Cancer test delay report is 'flawed', HSE claims
Public patients with vague symptoms which may be a sign of cancer can be worst hit by delays in getting tests, a GP has warned.
Dr Brian Osborne, a GP in Galway, said these delays can damage patients' chances of fighting the disease.
He was commenting as a report claimed a form of "health apartheid" leaves many public patients waiting for months for a test that someone paying privately can access in days.
Women with ovarian cancer are particularly at risk of delayed diagnosis, as well as patients with other gynaecological, neurological, urological and head and neck cancers.
A postal survey of 214 GPs found some patients who are waiting for an ultrasound face delays of 480 days and they can be in a queue for 125 days for a CT scan.
Waiting times for abdominal ultrasounds can extend to up to 81 days.
He also criticised the level of information GPs are getting from hospitals about their patients who are diagnosed and in treatment.
"It is haphazard. With serious diagnosis the patient may not have taken it in. Studies show you don't take in 90pc of information you are given for the first time," he said, commenting on the report from the Irish Cancer Society.
Head of cancer services in the HSE Dr Jerome Coffey insisted yesterday the report was "flawed."
He said some of the information in it is out of date as the HSE was now providing direct access to ultrasound to all GPs for public patients along the western seaboard, although this is not fully available in Cork. Dr Mary Laffoy of the HSE cancer service said one of the problems was finding staff to provide the scans.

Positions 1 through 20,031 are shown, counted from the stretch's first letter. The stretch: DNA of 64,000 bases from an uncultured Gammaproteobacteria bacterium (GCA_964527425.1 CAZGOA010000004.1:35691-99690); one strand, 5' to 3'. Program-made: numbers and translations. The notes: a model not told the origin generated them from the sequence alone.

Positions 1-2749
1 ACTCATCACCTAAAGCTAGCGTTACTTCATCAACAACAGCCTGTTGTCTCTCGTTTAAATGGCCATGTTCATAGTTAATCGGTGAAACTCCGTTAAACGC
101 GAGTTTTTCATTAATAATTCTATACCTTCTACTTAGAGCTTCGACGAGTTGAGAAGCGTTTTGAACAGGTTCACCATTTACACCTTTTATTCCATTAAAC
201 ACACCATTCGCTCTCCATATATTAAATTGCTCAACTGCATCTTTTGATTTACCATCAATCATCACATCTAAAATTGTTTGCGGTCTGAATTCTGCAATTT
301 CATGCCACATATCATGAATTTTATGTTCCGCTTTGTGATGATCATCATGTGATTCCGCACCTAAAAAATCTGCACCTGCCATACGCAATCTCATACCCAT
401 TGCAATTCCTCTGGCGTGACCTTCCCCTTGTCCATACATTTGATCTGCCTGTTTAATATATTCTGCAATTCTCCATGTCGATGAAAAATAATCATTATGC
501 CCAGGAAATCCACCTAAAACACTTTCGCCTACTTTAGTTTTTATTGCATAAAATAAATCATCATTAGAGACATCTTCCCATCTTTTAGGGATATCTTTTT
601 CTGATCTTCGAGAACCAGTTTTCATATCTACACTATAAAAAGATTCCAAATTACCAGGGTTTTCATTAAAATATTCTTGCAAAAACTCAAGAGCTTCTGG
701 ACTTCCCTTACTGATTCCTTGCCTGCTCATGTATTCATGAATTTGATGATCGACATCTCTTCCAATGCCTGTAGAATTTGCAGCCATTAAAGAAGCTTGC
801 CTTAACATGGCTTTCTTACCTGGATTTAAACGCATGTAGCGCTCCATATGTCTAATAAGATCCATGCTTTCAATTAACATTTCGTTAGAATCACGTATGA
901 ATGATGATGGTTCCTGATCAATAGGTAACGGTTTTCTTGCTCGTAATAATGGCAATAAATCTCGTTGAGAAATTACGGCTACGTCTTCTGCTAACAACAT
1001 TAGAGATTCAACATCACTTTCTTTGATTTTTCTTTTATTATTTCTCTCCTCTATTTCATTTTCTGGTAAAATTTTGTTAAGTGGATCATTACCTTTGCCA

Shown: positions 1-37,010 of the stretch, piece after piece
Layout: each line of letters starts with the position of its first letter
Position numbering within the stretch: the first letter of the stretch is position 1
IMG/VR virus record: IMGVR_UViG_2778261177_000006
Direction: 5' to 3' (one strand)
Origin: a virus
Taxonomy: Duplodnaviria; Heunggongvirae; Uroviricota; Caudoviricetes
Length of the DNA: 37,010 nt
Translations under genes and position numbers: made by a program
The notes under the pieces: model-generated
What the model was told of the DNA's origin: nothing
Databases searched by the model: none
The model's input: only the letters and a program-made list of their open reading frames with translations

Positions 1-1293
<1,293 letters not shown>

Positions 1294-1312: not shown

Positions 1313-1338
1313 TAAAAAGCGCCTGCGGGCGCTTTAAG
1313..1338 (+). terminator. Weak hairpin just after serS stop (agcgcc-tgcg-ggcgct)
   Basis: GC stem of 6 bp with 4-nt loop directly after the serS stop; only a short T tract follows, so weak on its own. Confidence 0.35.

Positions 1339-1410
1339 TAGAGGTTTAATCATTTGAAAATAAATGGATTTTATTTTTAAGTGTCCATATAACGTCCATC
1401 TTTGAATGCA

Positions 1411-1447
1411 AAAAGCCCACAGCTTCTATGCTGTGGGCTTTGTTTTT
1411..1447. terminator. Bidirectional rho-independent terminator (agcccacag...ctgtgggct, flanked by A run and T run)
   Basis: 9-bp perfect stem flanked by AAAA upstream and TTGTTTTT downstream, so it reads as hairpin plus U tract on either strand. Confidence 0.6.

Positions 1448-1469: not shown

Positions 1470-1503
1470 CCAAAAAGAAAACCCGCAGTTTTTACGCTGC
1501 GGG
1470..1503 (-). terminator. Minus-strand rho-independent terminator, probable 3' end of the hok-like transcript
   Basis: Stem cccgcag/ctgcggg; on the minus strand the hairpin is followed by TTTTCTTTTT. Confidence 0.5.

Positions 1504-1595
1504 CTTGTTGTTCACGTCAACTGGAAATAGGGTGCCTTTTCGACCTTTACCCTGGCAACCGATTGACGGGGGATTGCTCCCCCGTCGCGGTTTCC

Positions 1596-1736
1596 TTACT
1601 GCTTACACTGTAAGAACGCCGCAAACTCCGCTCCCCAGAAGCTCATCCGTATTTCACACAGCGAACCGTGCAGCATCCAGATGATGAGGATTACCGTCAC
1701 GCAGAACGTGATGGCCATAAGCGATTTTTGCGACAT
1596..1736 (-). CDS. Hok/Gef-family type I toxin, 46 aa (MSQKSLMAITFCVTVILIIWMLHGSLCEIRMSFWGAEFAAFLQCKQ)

Dr Coffey insisted: "The report is flawed in some respects in that it did not give GPs a chance to differentiate between an urgent and routine referral.
"Urgent cancer referrals are prioritised. Our own research shows that the wait-time for a breast consultation is within 10 working days, the median wait-time for an urgent pelvic ultrasound was found to be 2.5 days, the wait time for an urgent chest X-ray is approximately two days."
Bowel cancer survivor Shane Kirwan, a shopkeeper in Drimnagh in Dublin, said he counts himself among the lucky ones.
He suffered from cramping and constipation, prompting him to go to his GP.
He was referred to St James's Hospital where he had a colonoscopy to examine his bowel within weeks.
"I ended up having surgery to have very early cancer removed and I needed no other treatment," he said.
He is grateful that the day he was discharged his daughter Heidi was born and he has the chance to see her grow up.
"I know others are not so lucky. Things could have been different for me," he said.